While the research hasn’t been remedy-directed, some recommend countering gender-based bias with HR policy changes, training and awareness programs. And companies are becoming receptive to prioritizing women, said Panetta
“They will be upfront about saying that diversity and inclusion are No. 1 on their list, but the truth is, they have to say that. But when you dig deeper, you have to ask: What are you doing that makes your company so diverse and inclusive?” she said. “They might say, ‘We write a check to this organization to help young women learn to code.’ But what are they doing internally?”
Even when women are hired into technology roles, they tend to leave within five years, said Panetta. “There’s a problem if companies cannot retain women, and usually that comes about because of policies.”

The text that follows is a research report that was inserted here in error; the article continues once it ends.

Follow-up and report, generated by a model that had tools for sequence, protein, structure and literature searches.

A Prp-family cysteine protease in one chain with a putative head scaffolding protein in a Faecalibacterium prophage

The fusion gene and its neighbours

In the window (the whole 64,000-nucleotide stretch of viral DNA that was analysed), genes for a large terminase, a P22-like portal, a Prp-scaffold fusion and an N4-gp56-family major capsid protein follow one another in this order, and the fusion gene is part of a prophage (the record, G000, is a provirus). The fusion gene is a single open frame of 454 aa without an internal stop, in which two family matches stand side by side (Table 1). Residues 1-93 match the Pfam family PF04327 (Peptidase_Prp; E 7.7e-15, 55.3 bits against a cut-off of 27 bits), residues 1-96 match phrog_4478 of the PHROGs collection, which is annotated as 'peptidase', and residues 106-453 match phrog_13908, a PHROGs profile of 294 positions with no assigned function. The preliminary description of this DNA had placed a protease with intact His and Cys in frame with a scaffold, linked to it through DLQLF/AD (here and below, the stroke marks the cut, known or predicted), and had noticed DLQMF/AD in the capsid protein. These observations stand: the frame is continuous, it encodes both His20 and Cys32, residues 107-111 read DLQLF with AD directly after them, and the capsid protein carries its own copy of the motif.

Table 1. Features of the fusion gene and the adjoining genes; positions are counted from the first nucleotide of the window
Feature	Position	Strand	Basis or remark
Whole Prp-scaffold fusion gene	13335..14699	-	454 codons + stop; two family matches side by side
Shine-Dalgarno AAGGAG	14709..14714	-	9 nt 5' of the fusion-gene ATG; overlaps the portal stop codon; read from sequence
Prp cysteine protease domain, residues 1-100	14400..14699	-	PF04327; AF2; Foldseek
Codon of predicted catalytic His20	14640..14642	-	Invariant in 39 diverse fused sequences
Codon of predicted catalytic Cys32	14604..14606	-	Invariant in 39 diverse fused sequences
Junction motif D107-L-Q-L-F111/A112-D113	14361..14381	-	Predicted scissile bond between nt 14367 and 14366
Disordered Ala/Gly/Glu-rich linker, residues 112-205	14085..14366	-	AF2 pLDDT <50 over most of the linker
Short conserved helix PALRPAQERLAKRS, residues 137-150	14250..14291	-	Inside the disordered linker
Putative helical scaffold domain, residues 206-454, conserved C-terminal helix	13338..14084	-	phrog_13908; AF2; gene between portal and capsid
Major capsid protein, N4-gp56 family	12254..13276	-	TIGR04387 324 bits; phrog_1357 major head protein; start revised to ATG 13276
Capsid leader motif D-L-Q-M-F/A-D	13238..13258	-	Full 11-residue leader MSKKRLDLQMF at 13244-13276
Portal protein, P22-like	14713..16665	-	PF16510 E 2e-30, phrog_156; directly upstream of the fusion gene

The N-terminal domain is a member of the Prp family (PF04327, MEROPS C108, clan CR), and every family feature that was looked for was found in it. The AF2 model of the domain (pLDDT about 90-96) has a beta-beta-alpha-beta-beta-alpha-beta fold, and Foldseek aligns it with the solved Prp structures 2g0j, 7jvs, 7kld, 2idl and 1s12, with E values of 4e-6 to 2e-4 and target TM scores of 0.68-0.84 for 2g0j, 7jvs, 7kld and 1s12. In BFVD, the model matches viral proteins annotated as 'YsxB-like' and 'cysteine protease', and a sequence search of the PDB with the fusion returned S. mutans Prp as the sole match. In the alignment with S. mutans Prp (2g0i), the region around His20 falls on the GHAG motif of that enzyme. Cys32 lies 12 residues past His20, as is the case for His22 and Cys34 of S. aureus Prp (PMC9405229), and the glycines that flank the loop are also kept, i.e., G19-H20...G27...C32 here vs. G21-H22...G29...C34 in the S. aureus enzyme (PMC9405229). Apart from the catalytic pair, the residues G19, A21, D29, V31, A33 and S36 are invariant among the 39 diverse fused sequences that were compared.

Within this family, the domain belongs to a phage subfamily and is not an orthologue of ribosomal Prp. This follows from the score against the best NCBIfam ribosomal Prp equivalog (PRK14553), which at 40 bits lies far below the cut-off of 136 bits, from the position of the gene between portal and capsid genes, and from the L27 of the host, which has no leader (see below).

Practice What You Preach
Panetta believes women should never shy away from promoting their own successes. But bringing about change requires ongoing commitment to breaking barriers, said Panetta. The courage of her convictions is palpable—she was the first female electrical engineer to be given tenure in the Electrical and Computer Engineering Department at Tufts School of Engineering; she served as the worldwide director for IEEE Women in Engineering (2007-2009); and was awarded the Presidential Award for Science and Engineering Education and Mentoring from President Obama (2011).
Through the Nerd Girls program, Panetta has conducted engineering outreach activities with more than 85,000 children, parents and educators to help break down stereotypes and stigmas. She says, “True mentors never say, ‘no.’ They say, ‘This is the way you want to do this and here’s what you need to do it. Here’s how to get help.’”
In addition to bolstering confidence, mentors and sponsors are crucial to filling the gap of power imbalance, culture change and leadership development.
A mentor is somebody you know, who can answer questions and gives guidance or support, explained the Manufacturing Institute’s Jorgenson. “The sponsor is somebody who walks into a room and says, ‘Jane Smith is amazing. You should hire her.’ And it’s putting their own reputation on the line for women. That’s very, very important in all industries, but more so in manufacturing.”